The Significance of Religious Experience

The Significance of Religious Experience

The Significance of Religious Experience

The Significance of Religious Experience


This book is collection of published and unpublished essays on the philosophy of religion by Howard Wettstein, who is a widely respected analytic philosopher. Over the past twenty years, Wettstein has attempted to reconcile his faith with his philosophy, and he brings his personal investmentin this mission to the essays collected here. Influenced by the work of George Santayana, Wittgenstein, and A.J. Heschel, Wettstein grapples with central issues in the philosophy of religion such as the relationship of religious practice to religious belief, what is at stake in the debate betweenatheists and theists, and the place of doctrine in religion. His discussions draw from Jewish texts as well as Christianity, Islam, and classical philosophy. The challenge Wettstein undertakes throughout the volume is to maintain a philosophical naturalism while pursuing an encounter with God and traditional religion. In the Introduction to this volume,Wettstein elucidates the uniting themes among the collected essays.


Recent times have seen the advent of a new atheism. A number of writers have weighed in—philosophers, scientists, literary people— individuals with little sympathy for traditional Judeo-Christian-Muslim religion with what they see as its metaphysical and epistemological pretensions. Even worse, from their point of view, are ethical pretensions that stand in contrast with a highly spotty ethical history. I share many of their concerns, and yet I count myself among the practitioners of traditional religion. My return to Jewish religious life some twenty years ago was a response to a hunger for meaning, one to which life in the academy was, while not irrelevant, not quite adequate.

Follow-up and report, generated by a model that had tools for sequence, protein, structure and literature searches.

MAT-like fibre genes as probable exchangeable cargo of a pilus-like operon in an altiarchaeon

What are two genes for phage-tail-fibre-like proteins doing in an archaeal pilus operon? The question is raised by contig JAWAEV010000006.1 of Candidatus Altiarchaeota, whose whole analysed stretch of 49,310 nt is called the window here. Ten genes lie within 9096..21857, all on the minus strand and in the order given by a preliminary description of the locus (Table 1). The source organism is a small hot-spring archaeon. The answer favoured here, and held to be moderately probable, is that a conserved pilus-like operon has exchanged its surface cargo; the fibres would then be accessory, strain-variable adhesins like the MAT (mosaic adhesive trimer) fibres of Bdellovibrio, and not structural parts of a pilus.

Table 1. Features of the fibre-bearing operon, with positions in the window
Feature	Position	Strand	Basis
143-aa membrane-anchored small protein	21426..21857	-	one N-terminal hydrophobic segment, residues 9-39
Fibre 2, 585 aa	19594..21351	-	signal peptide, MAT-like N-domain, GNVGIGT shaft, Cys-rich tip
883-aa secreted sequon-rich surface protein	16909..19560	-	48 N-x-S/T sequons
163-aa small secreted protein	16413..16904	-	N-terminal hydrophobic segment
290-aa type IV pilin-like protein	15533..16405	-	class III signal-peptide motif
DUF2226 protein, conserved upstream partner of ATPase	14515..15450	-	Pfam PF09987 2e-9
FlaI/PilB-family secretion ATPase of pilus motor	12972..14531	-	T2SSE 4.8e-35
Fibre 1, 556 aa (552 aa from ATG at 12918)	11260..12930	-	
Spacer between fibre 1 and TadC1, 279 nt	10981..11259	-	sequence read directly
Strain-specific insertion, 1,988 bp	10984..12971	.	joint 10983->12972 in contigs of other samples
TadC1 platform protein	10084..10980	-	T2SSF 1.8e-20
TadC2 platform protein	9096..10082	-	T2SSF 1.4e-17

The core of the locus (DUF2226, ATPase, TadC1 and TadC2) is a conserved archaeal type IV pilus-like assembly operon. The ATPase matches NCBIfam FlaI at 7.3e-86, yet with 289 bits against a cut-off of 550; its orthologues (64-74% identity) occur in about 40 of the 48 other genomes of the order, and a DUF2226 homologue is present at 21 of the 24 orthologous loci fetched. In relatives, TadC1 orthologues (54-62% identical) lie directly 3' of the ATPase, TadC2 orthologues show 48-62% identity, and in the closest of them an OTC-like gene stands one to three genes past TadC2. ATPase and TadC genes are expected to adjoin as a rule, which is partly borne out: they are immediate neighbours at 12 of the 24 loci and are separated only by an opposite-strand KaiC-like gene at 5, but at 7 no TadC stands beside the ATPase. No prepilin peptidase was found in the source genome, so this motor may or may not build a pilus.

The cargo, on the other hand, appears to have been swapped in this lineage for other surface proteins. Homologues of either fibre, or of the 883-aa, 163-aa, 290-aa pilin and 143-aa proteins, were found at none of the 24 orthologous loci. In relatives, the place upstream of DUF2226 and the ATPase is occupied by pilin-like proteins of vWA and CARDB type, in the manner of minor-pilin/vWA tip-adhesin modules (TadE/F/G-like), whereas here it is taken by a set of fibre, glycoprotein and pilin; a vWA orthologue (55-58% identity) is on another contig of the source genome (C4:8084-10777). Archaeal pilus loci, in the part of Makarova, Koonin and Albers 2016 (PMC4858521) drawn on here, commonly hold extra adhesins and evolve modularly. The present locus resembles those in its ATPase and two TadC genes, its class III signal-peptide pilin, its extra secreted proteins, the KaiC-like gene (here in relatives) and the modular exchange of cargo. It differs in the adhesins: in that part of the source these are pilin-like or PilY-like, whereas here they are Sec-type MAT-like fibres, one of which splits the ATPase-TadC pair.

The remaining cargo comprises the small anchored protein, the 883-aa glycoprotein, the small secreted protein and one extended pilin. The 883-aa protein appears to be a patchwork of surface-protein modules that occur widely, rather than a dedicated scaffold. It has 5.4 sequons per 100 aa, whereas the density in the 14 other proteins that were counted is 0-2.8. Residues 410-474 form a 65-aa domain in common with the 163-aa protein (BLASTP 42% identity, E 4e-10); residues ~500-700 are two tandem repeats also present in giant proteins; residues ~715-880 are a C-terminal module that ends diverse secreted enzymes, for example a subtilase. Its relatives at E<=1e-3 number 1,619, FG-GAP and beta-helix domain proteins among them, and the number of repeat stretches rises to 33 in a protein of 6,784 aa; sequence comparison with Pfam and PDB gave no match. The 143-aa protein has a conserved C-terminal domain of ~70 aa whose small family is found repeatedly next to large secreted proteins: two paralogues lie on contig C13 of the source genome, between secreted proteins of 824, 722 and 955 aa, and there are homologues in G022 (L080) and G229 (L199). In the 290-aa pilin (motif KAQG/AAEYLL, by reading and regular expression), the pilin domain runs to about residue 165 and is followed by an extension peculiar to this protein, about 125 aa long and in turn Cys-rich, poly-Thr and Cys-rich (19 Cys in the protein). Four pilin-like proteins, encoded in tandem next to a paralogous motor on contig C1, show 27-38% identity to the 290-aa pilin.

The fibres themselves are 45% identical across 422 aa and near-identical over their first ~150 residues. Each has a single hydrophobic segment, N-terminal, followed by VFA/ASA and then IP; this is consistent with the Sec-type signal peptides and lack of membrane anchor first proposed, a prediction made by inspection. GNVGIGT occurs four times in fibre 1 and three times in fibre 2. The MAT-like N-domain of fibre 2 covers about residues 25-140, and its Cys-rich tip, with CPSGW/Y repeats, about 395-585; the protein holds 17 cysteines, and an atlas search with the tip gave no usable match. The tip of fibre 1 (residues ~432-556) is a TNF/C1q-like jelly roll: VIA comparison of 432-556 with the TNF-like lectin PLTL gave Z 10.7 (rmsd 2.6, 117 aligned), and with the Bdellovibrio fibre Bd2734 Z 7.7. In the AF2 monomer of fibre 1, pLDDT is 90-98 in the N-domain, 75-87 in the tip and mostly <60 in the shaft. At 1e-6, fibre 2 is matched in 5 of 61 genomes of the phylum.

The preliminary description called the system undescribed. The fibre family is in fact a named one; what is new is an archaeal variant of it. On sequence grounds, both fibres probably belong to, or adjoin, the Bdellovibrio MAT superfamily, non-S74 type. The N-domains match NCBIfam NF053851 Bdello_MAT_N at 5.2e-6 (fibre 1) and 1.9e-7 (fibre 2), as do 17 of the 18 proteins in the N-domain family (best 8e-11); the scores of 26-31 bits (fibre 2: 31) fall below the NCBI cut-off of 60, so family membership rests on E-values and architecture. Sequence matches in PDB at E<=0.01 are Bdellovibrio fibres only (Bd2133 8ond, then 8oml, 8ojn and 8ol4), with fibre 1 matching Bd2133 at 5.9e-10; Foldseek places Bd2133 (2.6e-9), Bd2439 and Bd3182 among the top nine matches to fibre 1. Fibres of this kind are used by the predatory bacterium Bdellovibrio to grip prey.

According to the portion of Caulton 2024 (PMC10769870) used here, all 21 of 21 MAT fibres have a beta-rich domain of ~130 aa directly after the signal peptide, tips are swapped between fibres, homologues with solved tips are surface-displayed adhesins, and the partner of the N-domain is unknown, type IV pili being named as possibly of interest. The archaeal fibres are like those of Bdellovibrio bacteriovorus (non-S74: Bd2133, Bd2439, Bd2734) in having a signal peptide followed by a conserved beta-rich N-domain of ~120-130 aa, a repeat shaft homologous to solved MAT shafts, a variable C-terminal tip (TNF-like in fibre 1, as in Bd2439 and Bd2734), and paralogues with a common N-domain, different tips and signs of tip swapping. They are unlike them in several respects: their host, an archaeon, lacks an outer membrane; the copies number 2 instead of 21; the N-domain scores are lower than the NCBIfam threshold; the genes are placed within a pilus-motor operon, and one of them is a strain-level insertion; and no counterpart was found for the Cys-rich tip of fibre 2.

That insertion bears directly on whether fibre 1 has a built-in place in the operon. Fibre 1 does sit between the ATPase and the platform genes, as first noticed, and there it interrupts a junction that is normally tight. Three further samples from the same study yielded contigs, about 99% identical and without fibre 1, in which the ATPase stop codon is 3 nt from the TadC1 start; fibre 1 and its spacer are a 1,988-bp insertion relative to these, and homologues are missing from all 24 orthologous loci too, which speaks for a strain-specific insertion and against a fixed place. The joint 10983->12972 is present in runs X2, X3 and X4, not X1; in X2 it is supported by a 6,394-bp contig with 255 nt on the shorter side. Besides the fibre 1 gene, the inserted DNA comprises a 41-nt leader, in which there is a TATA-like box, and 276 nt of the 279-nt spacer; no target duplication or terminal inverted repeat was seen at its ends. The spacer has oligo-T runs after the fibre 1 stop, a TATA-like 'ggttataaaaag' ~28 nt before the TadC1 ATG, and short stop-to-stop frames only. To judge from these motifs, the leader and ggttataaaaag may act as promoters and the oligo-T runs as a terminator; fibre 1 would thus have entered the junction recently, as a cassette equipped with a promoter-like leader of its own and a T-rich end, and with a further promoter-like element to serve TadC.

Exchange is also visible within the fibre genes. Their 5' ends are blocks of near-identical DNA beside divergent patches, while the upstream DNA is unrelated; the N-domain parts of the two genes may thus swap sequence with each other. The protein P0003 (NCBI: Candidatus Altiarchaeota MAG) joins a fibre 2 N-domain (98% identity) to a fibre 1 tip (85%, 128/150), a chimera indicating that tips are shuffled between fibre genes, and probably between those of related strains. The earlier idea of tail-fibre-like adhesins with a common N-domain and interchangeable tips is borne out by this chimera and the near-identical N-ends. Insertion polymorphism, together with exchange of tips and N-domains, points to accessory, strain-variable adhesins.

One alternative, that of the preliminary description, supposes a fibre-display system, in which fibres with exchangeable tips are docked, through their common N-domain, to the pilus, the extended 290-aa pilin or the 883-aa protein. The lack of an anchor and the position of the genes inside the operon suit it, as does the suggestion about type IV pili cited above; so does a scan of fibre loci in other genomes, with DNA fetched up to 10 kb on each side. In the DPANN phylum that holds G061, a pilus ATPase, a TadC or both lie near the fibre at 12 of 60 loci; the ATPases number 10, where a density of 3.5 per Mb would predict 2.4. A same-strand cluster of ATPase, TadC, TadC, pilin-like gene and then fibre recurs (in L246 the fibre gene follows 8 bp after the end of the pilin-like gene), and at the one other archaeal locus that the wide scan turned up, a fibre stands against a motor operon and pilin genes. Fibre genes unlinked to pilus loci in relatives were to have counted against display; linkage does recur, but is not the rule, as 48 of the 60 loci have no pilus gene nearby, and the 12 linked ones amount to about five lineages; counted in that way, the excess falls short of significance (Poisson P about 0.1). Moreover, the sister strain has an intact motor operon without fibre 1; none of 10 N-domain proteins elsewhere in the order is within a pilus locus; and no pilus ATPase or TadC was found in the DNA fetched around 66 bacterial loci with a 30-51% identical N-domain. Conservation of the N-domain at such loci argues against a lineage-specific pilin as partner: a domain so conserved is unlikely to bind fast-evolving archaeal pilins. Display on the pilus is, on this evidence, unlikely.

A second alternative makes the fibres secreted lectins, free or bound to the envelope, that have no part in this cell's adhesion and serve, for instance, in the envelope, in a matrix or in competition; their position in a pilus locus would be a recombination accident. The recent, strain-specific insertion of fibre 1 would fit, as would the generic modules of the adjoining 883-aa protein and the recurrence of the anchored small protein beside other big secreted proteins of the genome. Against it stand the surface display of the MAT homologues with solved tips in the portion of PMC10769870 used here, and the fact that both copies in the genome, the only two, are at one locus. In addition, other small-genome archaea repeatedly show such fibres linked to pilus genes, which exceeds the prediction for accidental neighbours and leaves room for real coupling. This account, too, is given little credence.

Since that time I have been on something of a mission, to understand what to make of religion—its truth, its mythological dimension, its monumental ethical successes, and equally monumental failures— and of the fact that while my orientation in philosophy is naturalistic, I find myself powerfully drawn to religious life. The essays in this book represent my attempt to come to terms with the matter.

My inspiration and direction in this project derive from multiple and very different sources, some philosophical, some religious, others somewhere in between. On the philosophical side, there is the sense that philosophy should have something to say about the large issues in human life. Religion—more generally the domain of the sacred—is a prime candidate, one that did not receive much attention during the heyday of analytic philosophy.

A second factor, at once a kind of constraint on how to think about religion (and everything else), is the naturalism of which I

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